Seven Tips for Walking: Keep Your Back Healthy


Are you trying to walk 10 thousand steps every day or do you skip your daily walks? Whatever the case, both the length of your walk and your gait while walking are important. Do you know that your walk is as unique as your fingerprints or retina pattern? When the international team of bioengineers analyzed foot pressure patterns (i.e., the walk pattern) of more than 100 participants during the research named “Unique Gait Can Give Crooks Away,“ they were able to identify each of the volunteers with almost 100 percent accuracy. Thus, your walk is your unique signature, which can identify you even if you change everything else. But does it work for you or against you? (Certainly, we don’t mean anything like robbing a bank or similar). The way you hold your back, place your feet, lean your head and move your hands determines the level of pressure on your spine, the functioning of your muscles and respiratory organs. Today we will tell you about the message your walk is giving about you and how you can become healthier with each step.

What does your walk say about you?

You will possibly be surprised, but a medical professional can tell you about your medical problem (or suggest what you should pay attention to at the early stages of disease) just by looking at how you enter his or her office. Before we discuss the rules for a healthy walk, we will describe how your gait can warn you of various health issues.

  • Limping

If you haven’t had any injuries lately but still limp a little while walking, trying to shift your weight on the right or left leg. This can be a sign of developing arthritis or having flat feet. Another reason for that might be having one leg longer than the other. The thing is that if the length difference is slight, the body tries to compensate for it for a long time, but almost all the time, this mechanism works at the expense of your joints. As a result, they wear out faster, and you get pain in your back, knees or thighs. Finally, the difference between your legs shows up in limping.

  • Slow pace

The older you get, the slower you walk. This is an objective fact, even confirmed by science. The study “Gluteal muscle composition differentiates fallers from non-fallers in community dwelling older adults” has shown that the muscles of the hips and glutes get weaker and wear out while the muscle fibers get shorter. As a result, we become weaker and start to walk slower. But what else does slow walk say about you? It can be a sign of developing osteoarthritis and other joint disorders.

  • Shuffling gait

A walking pattern in which a person drags his or her feet on the floor in a sliding motion can be one of the early symptoms of Parkinson’s disease. This dangerous disorder starts from almost unnoticeable symptoms, and the earlier you start the treatment, the higher the chances are to compensate for the disease. Therefore, if you have noticed that you or your close ones started to shuffle while walking, consult a doctor, just in case.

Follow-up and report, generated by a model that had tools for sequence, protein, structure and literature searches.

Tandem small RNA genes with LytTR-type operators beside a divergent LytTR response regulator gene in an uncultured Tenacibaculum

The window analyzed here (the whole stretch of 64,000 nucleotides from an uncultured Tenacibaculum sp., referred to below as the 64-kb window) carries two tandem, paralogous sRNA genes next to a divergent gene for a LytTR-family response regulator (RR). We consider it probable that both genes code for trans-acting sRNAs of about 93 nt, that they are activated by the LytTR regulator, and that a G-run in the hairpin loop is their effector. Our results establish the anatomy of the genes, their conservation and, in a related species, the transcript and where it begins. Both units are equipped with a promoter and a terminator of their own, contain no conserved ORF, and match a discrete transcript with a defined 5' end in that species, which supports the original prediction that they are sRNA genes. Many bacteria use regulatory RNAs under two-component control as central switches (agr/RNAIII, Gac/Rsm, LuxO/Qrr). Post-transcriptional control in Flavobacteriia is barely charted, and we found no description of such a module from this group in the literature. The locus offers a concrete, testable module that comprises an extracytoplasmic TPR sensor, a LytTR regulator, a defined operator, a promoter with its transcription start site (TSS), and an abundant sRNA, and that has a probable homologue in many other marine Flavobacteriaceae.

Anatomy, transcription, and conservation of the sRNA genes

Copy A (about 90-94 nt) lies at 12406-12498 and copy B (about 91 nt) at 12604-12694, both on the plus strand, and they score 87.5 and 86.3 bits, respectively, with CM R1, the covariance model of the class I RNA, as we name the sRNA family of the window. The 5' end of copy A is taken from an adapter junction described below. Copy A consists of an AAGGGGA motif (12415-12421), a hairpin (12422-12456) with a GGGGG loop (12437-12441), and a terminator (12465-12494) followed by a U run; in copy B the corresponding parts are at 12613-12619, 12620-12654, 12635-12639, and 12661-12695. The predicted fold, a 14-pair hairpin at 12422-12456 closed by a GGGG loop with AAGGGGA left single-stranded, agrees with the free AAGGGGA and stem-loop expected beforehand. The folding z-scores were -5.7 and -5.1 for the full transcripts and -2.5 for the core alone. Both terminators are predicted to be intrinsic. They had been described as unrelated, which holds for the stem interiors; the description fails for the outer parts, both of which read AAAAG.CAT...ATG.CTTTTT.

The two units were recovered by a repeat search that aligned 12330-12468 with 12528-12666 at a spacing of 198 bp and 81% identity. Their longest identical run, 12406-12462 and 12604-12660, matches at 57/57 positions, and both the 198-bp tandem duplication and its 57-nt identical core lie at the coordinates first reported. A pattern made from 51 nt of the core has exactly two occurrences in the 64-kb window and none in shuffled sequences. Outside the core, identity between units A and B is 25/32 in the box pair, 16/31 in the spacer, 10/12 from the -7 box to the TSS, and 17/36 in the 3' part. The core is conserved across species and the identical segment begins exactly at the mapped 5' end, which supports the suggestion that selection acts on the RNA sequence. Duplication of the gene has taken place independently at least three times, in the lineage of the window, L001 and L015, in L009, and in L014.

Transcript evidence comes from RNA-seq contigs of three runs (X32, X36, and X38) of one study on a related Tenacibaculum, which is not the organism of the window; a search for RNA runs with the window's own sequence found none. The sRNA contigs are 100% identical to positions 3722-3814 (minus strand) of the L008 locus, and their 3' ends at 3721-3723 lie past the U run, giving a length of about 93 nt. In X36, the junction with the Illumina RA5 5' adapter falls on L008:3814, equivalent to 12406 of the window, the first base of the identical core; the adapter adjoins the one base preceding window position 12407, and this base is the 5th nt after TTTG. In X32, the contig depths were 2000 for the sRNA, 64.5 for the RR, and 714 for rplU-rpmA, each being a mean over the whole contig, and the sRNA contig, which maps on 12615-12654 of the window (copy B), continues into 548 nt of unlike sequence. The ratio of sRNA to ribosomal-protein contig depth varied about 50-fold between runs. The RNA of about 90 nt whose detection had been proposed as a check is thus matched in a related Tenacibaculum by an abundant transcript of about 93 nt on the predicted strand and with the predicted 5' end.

• Waddling gait

When a person waddles from side to side as a duck or a penguin, such a walking pattern is known as Trendelenburg gait and can be a sign of extremely weak glutes. The causes of this condition can vary from poliomyelitis to soft tissue abscess or pelvic infection. In any case, it is advisable to consult with a medical professional, especially if you have just recently noticed the symptoms.

  • Cramps when walking

If you feel severe cramps from time to time while walking or running, which are literally paralyzing the muscles of the lower extremities, it is essential to turn for medical assistance as soon as possible. It could be a symptom of lung or peripheral artery disease where the blood vessels which supply blood to your lower extremities get clogged. It is a life-threatening condition, which is why it is essential to turn for medical help as early as possible.

  • Stumbling gait

If you have noticed that recently you have started to stumble on smooth ground, you should check the level of your blood sugar to avoid so-called diabetic neuropathy, which is a widespread complication of type two diabetes. Those who have this condition lose sensitivity in their feet. At some point, such individuals stop feeling their feet well enough to walk, run, or jump without any problems.

  • Shortness of breath

Strictly speaking, it is not exactly a characteristic of the gait, but it can be a sign of a dangerous condition so that we couldn’t miss it. If you have noticed that you are frequently short of breath even if you are walking at a normal pace on flat ground, it is almost certainly a sign of developing heart or lung disease. The causes of shortness of breath include SARS, asthma, chronic obstructive pulmonary disease (COPD), and heart disease. Any of these diseases are too serious to take lightly.